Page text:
SEC Brings Action Against Investment Advisers For Allegedly Misleading Robo-Adviser Clients About Hidden Fees

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On June 13, 2022, the Securities and Exchange Commission (“SEC”), announced that it had instituted a settled administrative proceeding accusing several investment advisers (the “Advisers”) that focused on robo-advising, and all of which were themselves subsidiaries of a prominent investment adviser, of violating Sections 203(e) and 203(k) of the Investment Advisers Act of 1940 and Section 15(b) of the Securities Exchange Act of 1934. Broadly, the SEC accused them of failing to invest client cash in ways that their own analyses showed would be optimal for the clients, and instead retaining cash in a way that benefitted the Advisers. The Advisers did not admit or deny the SEC’s allegations as part of the resolution, but as part of the settlement agreed collectively to disgorge approximately $52 million and to pay a civil monetary penalty of $135 million and were also required to engage an independent consultant and engage in certain other undertakings.

According to the allegations in the SEC Order, from March 2015 through November 2018, the Advisers made misleading statements on Form ADV and in the Advisers own advertisements with respect to the fixed rate of cash held in the Advisers’ robo-adviser products (the “Accounts”) and failed to disclose a potential conflict of interest between the Advisers and investors regarding the performance of the Accounts. It is further alleged that beginning in March 2015, the Advisers promoted the Accounts, in part, on the basis that they did not charge fees to investors. Rather than charge clients fees, the Accounts allegedly held pre-determined percentages of cash from which the Advisers could not deviate; the cash allegedly was distributed to the Advisers’ affiliate, which loaned out the cash at higher rates than was paid to the clients, allowing the Advisers and their affiliates to generate income from the Accounts. The SEC alleged that the Advisers did not inform investors that holding a fixed rate of cash, which ensured consistent fee generation for the Advisers, and created scenarios in which the Accounts’ performance would be lower than it would be through modifying the rate of cash. According to the SEC, under certain market conditions, specifically where equities outperform cash, the Accounts would not generate the same returns for investors as compared to if they did not hold fixed rates of cash. The SEC alleged the Advisers’ internal models identified this potential performance issue, referred to as “cash drag,” but that the Advisers did not disclose the issue to potential investors at the time the Accounts were put on the market.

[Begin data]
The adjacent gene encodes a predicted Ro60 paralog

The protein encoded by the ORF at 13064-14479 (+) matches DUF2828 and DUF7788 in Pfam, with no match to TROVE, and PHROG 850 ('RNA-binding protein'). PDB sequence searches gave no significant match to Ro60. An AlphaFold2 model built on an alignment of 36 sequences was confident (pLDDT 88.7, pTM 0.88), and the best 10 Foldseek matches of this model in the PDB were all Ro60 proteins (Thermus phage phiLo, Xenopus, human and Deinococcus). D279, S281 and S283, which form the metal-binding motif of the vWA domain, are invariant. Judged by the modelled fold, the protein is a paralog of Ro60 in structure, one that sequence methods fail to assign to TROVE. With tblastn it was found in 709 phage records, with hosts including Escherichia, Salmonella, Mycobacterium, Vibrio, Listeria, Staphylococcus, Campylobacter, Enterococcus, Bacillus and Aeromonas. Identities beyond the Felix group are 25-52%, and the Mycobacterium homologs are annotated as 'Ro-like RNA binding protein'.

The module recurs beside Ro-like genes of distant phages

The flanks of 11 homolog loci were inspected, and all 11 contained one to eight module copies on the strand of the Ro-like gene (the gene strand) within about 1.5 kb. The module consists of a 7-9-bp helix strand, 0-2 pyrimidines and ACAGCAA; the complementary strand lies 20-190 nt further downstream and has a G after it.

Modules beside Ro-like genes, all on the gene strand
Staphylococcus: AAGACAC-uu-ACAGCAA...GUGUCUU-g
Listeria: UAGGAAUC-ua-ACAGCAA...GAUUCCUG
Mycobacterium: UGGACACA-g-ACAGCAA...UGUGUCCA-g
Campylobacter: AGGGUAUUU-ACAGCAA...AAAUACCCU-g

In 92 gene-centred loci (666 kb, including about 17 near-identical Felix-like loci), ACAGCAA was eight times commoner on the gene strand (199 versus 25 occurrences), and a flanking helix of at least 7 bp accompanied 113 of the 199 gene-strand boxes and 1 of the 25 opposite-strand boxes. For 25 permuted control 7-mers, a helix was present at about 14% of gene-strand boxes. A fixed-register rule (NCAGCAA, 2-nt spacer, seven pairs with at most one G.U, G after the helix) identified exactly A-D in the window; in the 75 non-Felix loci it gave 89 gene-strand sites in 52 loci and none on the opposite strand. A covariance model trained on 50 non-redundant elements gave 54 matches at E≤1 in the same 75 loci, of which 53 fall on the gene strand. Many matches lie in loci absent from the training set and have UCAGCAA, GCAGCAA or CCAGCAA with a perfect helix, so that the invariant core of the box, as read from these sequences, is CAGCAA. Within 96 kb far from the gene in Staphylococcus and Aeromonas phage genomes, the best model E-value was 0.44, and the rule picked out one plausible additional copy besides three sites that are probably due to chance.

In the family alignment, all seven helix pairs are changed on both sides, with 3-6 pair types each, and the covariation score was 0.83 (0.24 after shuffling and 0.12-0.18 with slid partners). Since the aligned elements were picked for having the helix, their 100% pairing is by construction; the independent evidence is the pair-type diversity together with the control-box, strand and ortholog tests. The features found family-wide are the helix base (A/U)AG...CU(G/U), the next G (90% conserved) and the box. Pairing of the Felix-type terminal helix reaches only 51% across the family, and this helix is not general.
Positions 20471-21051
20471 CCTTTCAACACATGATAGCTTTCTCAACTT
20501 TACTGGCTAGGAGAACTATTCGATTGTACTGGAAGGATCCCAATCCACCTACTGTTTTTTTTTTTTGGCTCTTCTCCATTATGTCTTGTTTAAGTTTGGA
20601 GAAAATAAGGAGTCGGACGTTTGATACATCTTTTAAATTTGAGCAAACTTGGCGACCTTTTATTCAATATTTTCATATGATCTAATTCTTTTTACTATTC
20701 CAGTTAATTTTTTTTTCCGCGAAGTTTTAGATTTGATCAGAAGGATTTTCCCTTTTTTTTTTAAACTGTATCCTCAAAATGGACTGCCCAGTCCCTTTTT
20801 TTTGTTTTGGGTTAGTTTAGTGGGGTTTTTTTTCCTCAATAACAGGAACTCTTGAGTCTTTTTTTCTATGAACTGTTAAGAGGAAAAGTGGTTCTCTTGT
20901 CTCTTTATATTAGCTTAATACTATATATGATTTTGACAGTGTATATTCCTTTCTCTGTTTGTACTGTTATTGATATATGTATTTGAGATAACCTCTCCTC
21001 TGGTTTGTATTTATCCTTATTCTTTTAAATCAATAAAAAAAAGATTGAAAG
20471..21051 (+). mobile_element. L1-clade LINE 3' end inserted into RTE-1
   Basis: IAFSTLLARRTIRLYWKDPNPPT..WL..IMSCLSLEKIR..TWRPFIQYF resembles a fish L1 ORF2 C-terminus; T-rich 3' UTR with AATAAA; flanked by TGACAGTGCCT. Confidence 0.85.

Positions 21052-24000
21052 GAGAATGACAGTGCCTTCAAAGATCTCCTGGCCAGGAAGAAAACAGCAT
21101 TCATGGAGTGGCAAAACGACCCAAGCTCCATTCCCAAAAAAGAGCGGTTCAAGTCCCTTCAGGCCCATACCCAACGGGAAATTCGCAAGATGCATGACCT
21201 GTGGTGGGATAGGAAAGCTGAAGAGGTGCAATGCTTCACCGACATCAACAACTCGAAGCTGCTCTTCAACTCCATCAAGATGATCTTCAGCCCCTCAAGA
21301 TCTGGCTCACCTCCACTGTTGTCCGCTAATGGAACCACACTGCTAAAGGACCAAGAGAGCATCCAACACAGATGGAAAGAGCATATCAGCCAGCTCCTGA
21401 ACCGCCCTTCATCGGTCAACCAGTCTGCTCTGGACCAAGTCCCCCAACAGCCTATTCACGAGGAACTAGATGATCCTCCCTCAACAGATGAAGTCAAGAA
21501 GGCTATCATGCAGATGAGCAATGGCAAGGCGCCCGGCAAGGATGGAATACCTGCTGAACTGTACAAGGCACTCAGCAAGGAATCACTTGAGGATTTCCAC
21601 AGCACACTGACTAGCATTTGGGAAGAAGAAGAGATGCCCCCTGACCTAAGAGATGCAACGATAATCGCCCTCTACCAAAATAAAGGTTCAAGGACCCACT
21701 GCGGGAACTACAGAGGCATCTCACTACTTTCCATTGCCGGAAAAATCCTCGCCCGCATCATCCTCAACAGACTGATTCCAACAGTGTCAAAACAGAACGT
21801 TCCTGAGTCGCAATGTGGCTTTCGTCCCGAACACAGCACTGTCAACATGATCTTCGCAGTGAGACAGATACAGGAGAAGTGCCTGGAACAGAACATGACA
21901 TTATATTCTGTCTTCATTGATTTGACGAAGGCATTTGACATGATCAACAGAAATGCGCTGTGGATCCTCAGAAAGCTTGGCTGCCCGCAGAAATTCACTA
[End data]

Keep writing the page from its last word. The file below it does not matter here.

According to the SEC Order, a few weeks prior to the release of the Accounts, the draft marketing materials did disclose the fixed cash rates and potential conflict of interest between the Adviser and clients. However, in February 2015, two media articles were published that were highly critical of robo-adviser models creating cash drag, which the SEC alleged induced the Advisers’ leadership to have the marketing materials re-drafted in a manner that did not clearly identify the potential conflict or pre-set fixed rate of cash, and instead suggested the Accounts’ portfolio holdings were set based on an algorithm creating a disciplined portfolio methodology.

The Advisers jointly agreed to pay approximately $52 million in disgorgement and a $135 million civil penalty. Although the Advisers neither admitted nor denied the SEC’s claims, as part of the settlement they committed to remedial next steps, including a comprehensive compliance review, hiring an independent consultant to revise their policies, and undertaking significant recordkeeping for future SEC inquiries.

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SEC Order

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